US and UK agree on ‘struggling banks' plan

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The US and UK have issued a joint paper outlining an action plan for struggling banks. The plan hopes to protect the tax payer from costly financial bail outs.

The plans would involve the creation of one single regulator, which would be responsible for overseeing the insolvency of a big international bank.

The plan was inititated to reduce the responsibility for both governments if another banking crisis was to occur. The UK government previously bailed out Northern Rock, Bradford & Bingley and Alliance & Leicester between 2007/08, which led to widespread criticism from UK taxpayers. £66bn was pumped into RBS alone, during the recent financial crisis.

Under the plan, shareholders would be wiped out and unsecured debt holders would face writedowns.

The Bank of England and the U.S. Federal Deposit Insurance Corp said in a joint paper, “The FDIC and the Bank of England have developed resolution strategies that take control of the failed company at the top of the group, impose losses on shareholders and unsecured creditors – not on taxpayers — and remove top management and hold them accountable for their action”.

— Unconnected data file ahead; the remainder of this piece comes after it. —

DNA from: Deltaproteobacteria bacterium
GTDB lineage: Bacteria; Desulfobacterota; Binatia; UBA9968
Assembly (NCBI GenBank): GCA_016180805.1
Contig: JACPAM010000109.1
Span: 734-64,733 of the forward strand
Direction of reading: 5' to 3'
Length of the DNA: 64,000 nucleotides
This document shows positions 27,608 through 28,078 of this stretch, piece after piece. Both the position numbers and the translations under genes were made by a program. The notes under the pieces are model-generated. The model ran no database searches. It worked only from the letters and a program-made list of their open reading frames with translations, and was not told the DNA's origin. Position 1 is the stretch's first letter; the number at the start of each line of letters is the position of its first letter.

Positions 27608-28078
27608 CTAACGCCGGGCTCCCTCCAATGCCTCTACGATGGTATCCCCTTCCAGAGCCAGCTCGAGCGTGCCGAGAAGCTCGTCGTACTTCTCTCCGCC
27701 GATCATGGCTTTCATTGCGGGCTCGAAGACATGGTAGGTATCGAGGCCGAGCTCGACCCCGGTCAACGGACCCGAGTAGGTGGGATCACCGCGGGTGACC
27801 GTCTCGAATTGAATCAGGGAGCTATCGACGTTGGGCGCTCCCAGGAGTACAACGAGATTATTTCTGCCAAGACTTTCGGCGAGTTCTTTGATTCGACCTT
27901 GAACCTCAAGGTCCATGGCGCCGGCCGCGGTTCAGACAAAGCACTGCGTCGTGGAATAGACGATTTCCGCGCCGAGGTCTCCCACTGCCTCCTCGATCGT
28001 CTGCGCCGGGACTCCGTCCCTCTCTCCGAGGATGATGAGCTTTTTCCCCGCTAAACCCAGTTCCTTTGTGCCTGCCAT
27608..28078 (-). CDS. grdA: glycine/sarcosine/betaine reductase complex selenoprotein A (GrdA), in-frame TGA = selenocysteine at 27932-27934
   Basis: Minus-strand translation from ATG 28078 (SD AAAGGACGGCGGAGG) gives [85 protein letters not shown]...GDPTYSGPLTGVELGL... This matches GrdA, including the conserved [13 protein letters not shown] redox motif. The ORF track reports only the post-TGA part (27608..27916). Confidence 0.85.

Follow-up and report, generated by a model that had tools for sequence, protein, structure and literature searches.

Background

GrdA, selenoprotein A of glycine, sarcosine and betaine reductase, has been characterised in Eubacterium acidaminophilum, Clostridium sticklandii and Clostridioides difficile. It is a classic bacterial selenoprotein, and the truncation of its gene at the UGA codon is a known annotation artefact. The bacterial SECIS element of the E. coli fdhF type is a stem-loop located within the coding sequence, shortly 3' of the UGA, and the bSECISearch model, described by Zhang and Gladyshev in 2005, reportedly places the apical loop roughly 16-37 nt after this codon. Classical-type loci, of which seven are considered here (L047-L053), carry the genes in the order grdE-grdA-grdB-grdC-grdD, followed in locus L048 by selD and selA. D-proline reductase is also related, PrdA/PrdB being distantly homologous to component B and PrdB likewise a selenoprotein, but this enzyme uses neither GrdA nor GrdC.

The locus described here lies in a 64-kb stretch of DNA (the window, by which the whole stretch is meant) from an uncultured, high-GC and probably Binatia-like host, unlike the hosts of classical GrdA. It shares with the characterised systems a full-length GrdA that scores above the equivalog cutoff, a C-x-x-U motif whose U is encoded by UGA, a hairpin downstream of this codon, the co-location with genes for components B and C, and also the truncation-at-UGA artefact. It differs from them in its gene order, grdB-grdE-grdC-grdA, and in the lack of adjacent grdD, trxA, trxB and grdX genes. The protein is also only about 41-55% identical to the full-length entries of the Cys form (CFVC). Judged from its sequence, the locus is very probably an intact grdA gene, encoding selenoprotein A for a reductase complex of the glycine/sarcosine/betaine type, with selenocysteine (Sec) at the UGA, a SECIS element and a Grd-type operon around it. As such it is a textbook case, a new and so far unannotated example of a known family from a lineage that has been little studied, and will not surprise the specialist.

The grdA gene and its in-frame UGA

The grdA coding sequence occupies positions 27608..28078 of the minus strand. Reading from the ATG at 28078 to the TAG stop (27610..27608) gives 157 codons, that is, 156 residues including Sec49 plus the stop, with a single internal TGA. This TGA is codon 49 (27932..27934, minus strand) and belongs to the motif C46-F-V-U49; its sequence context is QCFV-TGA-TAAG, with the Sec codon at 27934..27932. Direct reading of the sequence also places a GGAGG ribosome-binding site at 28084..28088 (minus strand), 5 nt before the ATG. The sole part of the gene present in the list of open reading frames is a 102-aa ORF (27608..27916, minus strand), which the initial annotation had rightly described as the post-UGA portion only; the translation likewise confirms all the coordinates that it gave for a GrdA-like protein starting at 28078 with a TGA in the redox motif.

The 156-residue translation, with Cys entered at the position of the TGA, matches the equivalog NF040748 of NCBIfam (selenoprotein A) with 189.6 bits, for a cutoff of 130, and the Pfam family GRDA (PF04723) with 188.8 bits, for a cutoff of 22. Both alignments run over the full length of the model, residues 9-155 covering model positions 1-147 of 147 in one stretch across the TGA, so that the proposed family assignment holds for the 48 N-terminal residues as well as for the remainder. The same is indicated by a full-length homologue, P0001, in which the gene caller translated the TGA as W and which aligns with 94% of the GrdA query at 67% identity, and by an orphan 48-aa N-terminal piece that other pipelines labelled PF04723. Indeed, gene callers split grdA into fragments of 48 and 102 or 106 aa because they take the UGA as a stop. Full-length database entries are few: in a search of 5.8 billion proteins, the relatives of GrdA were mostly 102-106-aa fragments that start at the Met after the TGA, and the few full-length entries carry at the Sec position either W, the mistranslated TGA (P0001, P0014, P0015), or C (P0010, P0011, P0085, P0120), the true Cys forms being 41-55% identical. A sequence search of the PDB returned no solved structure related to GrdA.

Paul Tucker, deputy governor at the Bank of England,  said “The too big to fail problem simply must be cured. We believe it can be and that this joint paper provides evidence of the serious progress that is being made.’

The idea is that this would limit the cost to the tax payer and wider economy if another banking crisis should occur.

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